Have you planned many events since the pandemic? Be it a big celebration, a holiday or even catching up with an old group of friends. Or does it still seem like more effort than it’s worth these days? The mental energy, and physical when it comes to the do itself, it takes to organise an event might put you off even bothering, so read on to find how it might actually help you, and help you with future events - like your children’s birthday parties or summer holiday activities.
Planning events actually allows us to train and challenge our planning and strategy skills. Now, we are not suggesting that you start planning festivals or multinational sporting events, obviously. However, planning a small, manageable event, as simple as a birthday party or monthly dinner, can boost our executive function - that’s our ability to focus our attention, remember information and successfully juggle a few tasks at once. Which will help you to plan, organise, direct and complete tasks in all areas of life.
So, why does it feel so challenging?
What might make this feel harder at the moment, or at least maybe not as easy as it once seemed, is that during those lockdowns when we didn’t have any choice but to not plan anything, this executive functioning sort of fell asleep and we fell out of practice. But we’ve been able to do things again for a while now, so you might be thinking shouldn’t it feel easier?
Well, unfortunately that pandemic took quite a toll on our mental health as well as our physical, social and emotional health and so waking those functions up again might be as easy as getting a teenager out of bed before midday on the weekend. So if it feels harder than usual, like way more effort than before, and the event itself seems daunting, you’re not alone and that’s quite normal considering what we’ve been through.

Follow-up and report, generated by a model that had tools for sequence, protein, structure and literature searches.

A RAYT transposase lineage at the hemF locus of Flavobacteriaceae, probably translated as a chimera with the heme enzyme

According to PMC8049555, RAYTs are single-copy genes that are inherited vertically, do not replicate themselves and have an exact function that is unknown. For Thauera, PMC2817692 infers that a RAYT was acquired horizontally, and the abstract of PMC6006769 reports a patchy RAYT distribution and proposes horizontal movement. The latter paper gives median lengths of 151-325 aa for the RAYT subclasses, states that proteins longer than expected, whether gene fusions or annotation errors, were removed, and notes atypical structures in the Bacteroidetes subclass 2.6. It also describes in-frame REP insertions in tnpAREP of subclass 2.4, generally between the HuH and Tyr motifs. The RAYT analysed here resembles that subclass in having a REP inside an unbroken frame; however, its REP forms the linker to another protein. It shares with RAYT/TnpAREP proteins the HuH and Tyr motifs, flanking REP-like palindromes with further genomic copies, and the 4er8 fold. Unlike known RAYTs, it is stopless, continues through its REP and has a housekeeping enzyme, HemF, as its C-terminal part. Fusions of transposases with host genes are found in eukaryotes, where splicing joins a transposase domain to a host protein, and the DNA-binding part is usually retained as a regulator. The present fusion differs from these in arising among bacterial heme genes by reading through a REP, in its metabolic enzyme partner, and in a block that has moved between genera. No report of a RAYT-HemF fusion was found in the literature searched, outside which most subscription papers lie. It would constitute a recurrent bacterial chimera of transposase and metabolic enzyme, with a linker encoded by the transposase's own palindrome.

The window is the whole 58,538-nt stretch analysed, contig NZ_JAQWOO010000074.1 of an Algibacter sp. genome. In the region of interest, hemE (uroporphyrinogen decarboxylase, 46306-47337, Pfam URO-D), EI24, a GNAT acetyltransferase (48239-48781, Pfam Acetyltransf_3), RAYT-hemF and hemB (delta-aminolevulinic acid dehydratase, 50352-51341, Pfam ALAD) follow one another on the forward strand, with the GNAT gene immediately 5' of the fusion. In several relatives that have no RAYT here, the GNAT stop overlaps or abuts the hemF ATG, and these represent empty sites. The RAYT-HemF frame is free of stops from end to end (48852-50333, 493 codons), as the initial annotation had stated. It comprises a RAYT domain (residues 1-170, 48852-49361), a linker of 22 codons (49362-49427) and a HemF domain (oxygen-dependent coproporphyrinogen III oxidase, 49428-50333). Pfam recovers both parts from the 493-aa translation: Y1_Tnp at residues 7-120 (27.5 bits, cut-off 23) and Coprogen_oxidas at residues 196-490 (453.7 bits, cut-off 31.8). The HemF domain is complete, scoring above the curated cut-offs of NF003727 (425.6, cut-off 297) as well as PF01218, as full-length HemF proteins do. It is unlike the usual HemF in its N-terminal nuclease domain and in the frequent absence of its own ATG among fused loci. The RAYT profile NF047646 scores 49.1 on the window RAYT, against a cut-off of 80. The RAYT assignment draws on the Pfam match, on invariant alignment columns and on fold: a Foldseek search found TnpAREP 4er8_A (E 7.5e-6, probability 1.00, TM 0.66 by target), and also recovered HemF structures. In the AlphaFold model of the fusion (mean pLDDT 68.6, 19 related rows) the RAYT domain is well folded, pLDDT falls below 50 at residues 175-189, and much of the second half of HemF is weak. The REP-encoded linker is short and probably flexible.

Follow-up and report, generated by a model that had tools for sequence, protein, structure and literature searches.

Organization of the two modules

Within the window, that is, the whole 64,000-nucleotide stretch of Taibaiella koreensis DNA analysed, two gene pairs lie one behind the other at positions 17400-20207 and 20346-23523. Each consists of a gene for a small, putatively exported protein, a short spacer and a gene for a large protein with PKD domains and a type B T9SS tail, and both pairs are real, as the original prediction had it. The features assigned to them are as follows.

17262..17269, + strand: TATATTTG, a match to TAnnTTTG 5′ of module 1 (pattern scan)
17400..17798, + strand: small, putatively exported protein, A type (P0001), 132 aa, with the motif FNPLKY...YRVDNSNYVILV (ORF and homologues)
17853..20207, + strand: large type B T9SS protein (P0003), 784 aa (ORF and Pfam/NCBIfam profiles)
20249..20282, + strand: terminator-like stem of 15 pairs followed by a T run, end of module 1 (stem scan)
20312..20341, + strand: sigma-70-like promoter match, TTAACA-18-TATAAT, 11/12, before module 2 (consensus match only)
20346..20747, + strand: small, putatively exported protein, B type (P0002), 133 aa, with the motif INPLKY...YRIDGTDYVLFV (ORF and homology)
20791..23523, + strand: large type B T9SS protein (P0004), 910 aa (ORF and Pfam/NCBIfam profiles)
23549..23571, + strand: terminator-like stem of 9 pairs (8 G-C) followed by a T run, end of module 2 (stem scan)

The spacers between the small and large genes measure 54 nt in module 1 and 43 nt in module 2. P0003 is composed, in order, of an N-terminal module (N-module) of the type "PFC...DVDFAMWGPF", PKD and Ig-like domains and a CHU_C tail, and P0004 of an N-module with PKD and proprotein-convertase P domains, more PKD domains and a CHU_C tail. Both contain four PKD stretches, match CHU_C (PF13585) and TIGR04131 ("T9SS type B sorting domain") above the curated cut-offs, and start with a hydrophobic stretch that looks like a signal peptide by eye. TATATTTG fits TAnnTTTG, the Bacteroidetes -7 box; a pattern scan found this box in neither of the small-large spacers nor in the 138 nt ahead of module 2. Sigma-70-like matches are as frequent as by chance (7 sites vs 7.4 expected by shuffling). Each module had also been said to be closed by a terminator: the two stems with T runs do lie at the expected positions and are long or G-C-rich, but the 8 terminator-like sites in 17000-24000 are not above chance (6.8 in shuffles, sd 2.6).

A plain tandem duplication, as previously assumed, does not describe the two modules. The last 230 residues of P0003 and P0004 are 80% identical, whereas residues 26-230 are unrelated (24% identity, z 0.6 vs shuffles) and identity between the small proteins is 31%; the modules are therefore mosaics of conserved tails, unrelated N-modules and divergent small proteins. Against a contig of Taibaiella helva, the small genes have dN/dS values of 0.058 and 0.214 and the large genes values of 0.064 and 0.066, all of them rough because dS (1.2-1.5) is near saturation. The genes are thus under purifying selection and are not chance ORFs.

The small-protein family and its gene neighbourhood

A great place to start could be with planning a monthly meal with all your friends or your family. Once you find a time in the month that works for everyone you could assign the organisation to a different person each month. This will not only benefit the cognition and executive function of the whole group, but socialising with friends and family is also really beneficial to your mental health generally - plus it’s a great excuse to leave the kids at home (supervised of course), try that new restaurant in town, and even have a vino or two.
Practising planning makes us better
As you well know by now, here at Beingwell we like small and simple steps to help us feel a little bit better everyday. So we’re not going to encourage you to plan a Jubilee-sized celebration even if you are feeling inspired after the weekend, but if you want to try, crack on! What we are saying is, start small to get the ball rolling, because planning events helps us to plan and organise future events.
Planning events ourselves also allows us to take back some control in our lives, particularly helpful for those of us who feel like we’ve lost some control over our lives from everyone else doing the planning for us or not having the opportunity to for quite some time. So if you’re the friend or family member who ‘goes with the flow’ for ease, to often find you don’t get a say in where you go, what to do or even whether you’re joining in at all, planning something small yourself can be really beneficial.
You might plan a holiday yourself rather than through a travel agent or leaving it to your partner. You might organise the next monthly dinner or even what to cook for dinner this week. If we leave the planning of events down to other people, or even to electronic devices, over time our ability to plan and organise will decrease, having knock-on effects on our cognition more generally. So, plan something yourself soon, it’s exciting as well as good for your cognition, and will prevent us falling back into this period of finding it so difficult to plan anything at all!
As you can see, this habit can be fairly easy to implement, and over time you can stretch it by planning more complicated events. This will help your ability to plan, organise and direct in all areas of your day-to-day life, like work, school holidays, household care, and your social life - it might even finally be the year for the wedding you’ve postponed since 2020!
Before you go: planning events can get stressful - regardless of the pandemic or size. Make sure to check in with yourself before committing to planning an event, even if it’s fairly small, because we can’t always take the stress out of planning. Sometimes there’s already too many cooks, there might be too many things to organise by yourself or you might have a lot on your plate right now. So don’t force yourself to plan events, but keep in mind the benefits and start small when you can!